Thursday, December 6, 2007

Mortgage Rate Freeze May Help Homeowners, But There's A Catch

Just read about the proposed mortgage rate freeze that will be announced by President Bush today. Interesting plan, but watch out, it will only work if payments are made on time. Here's more on the proposal.

WASHINGTON — President Bush this afternoon will announce a plan to freeze interest rates for five years for thousands of strapped homeowners whose mortgages were scheduled to rise in the coming months.

The proposal would freeze introductory “teaser” rates on subprime mortgages, preventing them from resetting to higher rates for five years. A few details of the administration plan have been revealed:

-- The rate freeze will apply to loans made at the start of 2005 through July 30 of this year and will cover loans that had been scheduled to rise to higher rates between Jan. 1, 2008, and July 31, 2010.

-- Mortgage companies will offer to freeze the loans at the lower introductory rates as long as the borrowers did not miss any payments at the lower rate.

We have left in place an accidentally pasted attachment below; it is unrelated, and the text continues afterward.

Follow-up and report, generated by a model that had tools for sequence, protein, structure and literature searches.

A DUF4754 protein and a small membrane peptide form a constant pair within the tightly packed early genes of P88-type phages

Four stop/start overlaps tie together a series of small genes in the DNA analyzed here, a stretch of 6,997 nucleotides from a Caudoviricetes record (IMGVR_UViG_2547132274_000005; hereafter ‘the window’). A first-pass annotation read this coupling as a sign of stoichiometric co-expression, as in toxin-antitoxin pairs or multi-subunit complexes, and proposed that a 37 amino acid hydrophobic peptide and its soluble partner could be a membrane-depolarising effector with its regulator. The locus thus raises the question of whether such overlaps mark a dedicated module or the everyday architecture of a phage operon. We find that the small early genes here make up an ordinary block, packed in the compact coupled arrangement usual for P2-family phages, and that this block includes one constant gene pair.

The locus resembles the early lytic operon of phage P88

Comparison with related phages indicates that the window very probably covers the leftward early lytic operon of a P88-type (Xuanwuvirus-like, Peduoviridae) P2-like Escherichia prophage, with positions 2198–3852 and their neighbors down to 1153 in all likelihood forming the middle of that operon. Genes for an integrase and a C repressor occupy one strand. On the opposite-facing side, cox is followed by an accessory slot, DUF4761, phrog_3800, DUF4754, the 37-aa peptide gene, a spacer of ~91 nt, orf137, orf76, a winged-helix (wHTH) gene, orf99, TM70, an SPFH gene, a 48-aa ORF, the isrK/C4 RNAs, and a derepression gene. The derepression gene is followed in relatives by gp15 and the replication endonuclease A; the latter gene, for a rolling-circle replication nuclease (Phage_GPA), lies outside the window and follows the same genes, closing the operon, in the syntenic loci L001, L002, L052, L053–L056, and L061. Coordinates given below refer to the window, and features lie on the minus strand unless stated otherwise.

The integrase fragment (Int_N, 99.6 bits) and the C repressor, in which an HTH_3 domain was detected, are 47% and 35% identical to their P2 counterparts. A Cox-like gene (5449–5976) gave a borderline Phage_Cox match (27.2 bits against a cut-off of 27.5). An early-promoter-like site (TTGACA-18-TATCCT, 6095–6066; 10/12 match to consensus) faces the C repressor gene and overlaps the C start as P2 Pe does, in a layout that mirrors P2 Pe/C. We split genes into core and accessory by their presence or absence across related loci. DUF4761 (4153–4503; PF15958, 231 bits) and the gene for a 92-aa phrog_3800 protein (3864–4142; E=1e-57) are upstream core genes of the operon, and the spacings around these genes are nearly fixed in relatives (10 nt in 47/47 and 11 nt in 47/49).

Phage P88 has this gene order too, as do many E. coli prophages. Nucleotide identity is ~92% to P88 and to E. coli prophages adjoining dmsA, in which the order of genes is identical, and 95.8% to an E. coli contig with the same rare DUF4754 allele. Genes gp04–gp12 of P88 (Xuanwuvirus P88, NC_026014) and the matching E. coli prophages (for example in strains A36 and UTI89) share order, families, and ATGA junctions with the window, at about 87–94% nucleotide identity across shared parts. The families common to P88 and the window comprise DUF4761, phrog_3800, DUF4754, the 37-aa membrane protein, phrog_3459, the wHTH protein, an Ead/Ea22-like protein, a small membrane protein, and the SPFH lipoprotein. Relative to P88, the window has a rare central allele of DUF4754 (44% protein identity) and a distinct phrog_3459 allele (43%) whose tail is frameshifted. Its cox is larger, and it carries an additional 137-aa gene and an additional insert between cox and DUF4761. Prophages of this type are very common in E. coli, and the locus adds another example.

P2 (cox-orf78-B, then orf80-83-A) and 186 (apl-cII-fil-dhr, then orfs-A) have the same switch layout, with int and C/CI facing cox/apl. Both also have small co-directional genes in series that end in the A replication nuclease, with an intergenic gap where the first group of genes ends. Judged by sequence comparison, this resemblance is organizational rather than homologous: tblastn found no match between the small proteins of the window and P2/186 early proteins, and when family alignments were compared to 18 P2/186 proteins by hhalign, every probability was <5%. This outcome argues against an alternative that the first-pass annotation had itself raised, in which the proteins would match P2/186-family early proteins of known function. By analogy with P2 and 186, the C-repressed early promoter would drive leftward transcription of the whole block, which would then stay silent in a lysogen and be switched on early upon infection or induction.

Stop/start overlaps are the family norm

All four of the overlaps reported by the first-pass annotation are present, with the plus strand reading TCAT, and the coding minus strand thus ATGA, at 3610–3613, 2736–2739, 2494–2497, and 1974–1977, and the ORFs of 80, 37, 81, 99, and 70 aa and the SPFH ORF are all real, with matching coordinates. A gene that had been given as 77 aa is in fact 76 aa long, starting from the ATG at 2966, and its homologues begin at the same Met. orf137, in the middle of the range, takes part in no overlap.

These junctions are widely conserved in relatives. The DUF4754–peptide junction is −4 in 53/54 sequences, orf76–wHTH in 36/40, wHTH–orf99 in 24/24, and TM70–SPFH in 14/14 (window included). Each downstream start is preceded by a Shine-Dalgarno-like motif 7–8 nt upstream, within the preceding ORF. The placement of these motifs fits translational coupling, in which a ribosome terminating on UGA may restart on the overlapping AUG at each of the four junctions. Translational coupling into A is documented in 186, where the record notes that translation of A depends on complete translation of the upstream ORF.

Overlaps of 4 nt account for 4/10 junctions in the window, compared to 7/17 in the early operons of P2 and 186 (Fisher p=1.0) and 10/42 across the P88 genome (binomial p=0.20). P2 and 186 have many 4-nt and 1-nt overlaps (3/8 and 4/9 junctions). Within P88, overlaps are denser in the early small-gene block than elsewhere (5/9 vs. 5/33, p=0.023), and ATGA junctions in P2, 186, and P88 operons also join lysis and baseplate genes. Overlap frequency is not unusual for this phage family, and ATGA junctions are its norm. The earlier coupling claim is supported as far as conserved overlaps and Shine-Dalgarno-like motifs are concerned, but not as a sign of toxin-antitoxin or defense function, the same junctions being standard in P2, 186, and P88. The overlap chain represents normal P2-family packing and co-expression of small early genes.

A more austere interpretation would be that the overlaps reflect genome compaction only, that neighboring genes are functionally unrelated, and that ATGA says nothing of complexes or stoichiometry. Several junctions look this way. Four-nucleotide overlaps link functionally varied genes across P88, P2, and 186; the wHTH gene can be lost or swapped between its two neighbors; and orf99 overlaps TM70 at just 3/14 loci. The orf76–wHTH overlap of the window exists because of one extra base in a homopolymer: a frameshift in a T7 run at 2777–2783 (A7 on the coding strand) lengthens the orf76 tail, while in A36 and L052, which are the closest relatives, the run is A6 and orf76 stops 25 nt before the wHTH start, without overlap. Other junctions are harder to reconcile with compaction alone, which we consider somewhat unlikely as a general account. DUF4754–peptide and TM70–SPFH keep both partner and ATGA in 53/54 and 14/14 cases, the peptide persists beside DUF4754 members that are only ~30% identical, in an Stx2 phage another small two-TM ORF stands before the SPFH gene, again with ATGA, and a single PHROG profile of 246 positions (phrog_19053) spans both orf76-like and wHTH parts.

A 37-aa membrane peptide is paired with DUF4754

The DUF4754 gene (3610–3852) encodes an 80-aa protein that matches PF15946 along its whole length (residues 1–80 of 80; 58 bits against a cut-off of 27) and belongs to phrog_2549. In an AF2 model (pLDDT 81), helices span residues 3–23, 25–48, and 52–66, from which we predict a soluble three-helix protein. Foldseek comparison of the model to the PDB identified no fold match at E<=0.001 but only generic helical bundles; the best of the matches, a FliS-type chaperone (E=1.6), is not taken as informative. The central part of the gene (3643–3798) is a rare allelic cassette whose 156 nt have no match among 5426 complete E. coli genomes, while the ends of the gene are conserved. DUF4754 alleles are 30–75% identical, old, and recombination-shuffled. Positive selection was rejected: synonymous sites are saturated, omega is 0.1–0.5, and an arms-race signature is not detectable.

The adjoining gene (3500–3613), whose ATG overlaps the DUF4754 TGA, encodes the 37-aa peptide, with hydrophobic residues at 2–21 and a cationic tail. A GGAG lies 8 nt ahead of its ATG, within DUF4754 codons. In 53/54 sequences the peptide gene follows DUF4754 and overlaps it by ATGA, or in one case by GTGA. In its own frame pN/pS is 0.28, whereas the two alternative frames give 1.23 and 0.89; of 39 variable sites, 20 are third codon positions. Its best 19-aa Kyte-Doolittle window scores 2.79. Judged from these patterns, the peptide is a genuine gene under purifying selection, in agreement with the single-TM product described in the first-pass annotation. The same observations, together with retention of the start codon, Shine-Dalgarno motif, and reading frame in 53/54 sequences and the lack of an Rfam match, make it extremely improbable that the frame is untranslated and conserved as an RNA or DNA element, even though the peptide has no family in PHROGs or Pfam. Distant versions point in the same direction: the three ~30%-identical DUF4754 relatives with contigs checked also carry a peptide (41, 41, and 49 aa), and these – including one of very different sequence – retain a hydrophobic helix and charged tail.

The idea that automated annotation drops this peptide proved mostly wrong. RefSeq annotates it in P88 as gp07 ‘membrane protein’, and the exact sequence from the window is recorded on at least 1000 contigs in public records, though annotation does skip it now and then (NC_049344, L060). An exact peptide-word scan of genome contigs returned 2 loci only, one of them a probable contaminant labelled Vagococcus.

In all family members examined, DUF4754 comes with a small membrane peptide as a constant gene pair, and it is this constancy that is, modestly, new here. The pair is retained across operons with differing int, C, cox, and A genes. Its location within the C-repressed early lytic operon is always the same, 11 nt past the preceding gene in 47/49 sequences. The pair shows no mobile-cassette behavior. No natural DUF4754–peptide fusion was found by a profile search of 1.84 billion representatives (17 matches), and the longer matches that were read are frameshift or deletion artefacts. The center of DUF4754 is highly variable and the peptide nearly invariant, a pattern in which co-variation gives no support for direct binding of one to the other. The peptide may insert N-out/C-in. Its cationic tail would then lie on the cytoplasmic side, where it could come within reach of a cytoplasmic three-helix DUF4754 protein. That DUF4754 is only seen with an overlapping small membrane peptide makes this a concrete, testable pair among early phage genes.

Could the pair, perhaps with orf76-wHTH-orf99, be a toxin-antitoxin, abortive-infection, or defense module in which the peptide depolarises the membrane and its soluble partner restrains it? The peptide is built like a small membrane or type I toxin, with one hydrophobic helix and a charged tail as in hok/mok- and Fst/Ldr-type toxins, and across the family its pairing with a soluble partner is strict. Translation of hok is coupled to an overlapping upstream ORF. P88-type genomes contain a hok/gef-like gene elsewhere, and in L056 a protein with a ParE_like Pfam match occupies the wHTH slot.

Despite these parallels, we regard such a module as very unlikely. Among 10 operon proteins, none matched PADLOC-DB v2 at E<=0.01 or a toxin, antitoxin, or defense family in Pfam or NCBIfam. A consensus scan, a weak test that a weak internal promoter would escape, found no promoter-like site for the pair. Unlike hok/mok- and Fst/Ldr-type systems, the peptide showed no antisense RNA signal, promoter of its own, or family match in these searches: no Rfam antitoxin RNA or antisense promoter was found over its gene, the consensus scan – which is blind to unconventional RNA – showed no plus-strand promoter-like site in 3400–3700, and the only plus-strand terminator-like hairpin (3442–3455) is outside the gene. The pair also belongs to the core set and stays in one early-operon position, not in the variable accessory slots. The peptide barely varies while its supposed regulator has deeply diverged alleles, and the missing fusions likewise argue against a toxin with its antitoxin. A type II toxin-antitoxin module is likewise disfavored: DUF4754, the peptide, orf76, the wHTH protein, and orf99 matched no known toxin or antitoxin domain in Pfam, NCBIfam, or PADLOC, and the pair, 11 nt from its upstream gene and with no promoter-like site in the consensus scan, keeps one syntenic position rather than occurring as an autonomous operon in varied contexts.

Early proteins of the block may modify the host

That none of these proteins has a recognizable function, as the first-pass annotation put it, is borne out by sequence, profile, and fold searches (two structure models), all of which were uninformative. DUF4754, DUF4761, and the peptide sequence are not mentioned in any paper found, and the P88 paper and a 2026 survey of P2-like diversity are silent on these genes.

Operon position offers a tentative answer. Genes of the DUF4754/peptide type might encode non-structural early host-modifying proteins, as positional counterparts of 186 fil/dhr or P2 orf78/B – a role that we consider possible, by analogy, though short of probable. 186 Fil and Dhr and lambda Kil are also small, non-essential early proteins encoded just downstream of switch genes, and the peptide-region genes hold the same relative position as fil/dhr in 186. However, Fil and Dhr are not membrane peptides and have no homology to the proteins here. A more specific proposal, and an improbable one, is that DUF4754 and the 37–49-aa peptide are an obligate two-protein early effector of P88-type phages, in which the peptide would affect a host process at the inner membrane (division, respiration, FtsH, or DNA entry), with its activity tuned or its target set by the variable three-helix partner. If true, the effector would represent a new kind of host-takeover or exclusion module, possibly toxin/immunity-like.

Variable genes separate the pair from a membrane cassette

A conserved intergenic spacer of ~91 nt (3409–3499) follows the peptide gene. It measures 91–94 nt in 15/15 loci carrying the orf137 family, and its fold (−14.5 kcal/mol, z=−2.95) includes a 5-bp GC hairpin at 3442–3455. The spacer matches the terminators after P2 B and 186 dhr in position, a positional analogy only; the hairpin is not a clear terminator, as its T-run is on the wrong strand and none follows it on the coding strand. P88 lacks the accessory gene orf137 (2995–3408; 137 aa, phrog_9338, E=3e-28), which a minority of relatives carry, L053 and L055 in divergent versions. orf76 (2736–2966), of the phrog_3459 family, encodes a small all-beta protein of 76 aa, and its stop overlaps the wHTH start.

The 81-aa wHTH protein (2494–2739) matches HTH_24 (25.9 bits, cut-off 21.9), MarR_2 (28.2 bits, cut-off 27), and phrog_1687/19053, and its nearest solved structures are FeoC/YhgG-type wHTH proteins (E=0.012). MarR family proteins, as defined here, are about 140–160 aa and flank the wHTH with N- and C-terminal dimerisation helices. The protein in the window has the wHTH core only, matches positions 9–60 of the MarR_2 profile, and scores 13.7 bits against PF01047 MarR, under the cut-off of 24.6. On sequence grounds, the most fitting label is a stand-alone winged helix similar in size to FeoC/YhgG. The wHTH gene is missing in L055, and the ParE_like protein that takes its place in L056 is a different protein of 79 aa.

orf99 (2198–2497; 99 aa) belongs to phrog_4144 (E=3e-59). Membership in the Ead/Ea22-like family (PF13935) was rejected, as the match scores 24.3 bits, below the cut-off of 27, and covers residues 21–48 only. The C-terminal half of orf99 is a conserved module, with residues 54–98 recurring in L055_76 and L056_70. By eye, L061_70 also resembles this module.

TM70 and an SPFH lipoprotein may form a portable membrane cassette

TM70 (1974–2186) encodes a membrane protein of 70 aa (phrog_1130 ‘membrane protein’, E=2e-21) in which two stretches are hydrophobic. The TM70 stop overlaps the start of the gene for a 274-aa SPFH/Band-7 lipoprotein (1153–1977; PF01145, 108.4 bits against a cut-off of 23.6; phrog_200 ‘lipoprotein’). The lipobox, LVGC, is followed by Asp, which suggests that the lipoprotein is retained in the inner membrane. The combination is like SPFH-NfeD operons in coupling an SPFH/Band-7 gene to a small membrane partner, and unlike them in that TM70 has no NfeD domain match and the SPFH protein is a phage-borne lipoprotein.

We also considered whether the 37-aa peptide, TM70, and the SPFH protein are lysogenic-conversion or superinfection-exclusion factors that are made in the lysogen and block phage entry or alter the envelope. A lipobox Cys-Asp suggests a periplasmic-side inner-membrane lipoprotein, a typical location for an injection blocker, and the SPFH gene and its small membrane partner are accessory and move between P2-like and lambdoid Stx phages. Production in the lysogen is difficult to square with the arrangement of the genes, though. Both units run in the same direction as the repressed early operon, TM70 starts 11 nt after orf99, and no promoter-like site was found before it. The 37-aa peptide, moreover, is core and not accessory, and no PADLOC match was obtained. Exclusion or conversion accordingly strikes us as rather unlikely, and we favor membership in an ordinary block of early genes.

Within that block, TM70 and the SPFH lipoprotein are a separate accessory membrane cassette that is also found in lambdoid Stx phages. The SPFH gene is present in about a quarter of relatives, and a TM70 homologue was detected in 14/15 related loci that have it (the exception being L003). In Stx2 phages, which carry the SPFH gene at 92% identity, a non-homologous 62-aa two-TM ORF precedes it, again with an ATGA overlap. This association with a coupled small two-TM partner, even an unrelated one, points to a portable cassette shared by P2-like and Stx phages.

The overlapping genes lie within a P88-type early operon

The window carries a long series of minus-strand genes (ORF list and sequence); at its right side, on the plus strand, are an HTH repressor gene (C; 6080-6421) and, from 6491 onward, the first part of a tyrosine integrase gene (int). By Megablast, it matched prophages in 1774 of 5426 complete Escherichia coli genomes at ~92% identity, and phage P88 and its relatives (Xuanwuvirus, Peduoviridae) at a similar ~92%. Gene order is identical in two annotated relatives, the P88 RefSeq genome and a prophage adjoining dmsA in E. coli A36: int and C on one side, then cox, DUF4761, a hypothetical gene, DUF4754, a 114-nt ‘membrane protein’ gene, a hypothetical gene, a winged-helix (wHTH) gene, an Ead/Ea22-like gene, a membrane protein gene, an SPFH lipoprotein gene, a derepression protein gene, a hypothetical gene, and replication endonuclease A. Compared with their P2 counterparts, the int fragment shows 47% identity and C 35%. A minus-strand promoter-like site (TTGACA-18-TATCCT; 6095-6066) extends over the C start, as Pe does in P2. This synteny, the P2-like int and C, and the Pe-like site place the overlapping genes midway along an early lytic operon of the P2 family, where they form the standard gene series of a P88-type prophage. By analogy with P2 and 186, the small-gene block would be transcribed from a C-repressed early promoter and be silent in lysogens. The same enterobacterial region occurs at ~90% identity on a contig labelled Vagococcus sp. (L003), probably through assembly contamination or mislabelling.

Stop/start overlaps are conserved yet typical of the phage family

White House deputy press secretary Tony Fratto said the plan would help “potentially a little more than a million” people who can afford payments with their introductory rates, but not if they jump to higher rates.

Release of the plan will come after news earlier today that home foreclosures surged to an all-time high in the July-September period. The Mortgage Bankers Association reported that the percentage of all mortgages that started the foreclosure process in the third quarter jumped to a record 0.78 percent, surpassing the previous record of 0.65 percent of all mortgages in the second quarter.

In Indiana, about 13,000 subprime home loans were in foreclosure in June, or nearly 9.4 percent of all subprime loans statewide, a rate exceeded throughout the country only by Michigan and Ohio. Payments were past due on another 21,000 subprime loans, reports the Mortgage Bankers Association.

While foreclosures and bankruptcies related to subprime loans continue to hobble the nine-county metro Indianapolis area, the troubles here are not expected to be more severe in 2008 than in 2007, market researcher Global Insight said after releasing a study last month.

The administration’s effort is aimed at stemming a further tidal wave of foreclosures in coming years as 2 million subprime mortgages — loans provided to borrowers with spotty credit histories — reset from their introductory rates of around 7 percent to 8 percent to levels as high as 11 percent, adding hundreds of dollars to the typical monthly payment.


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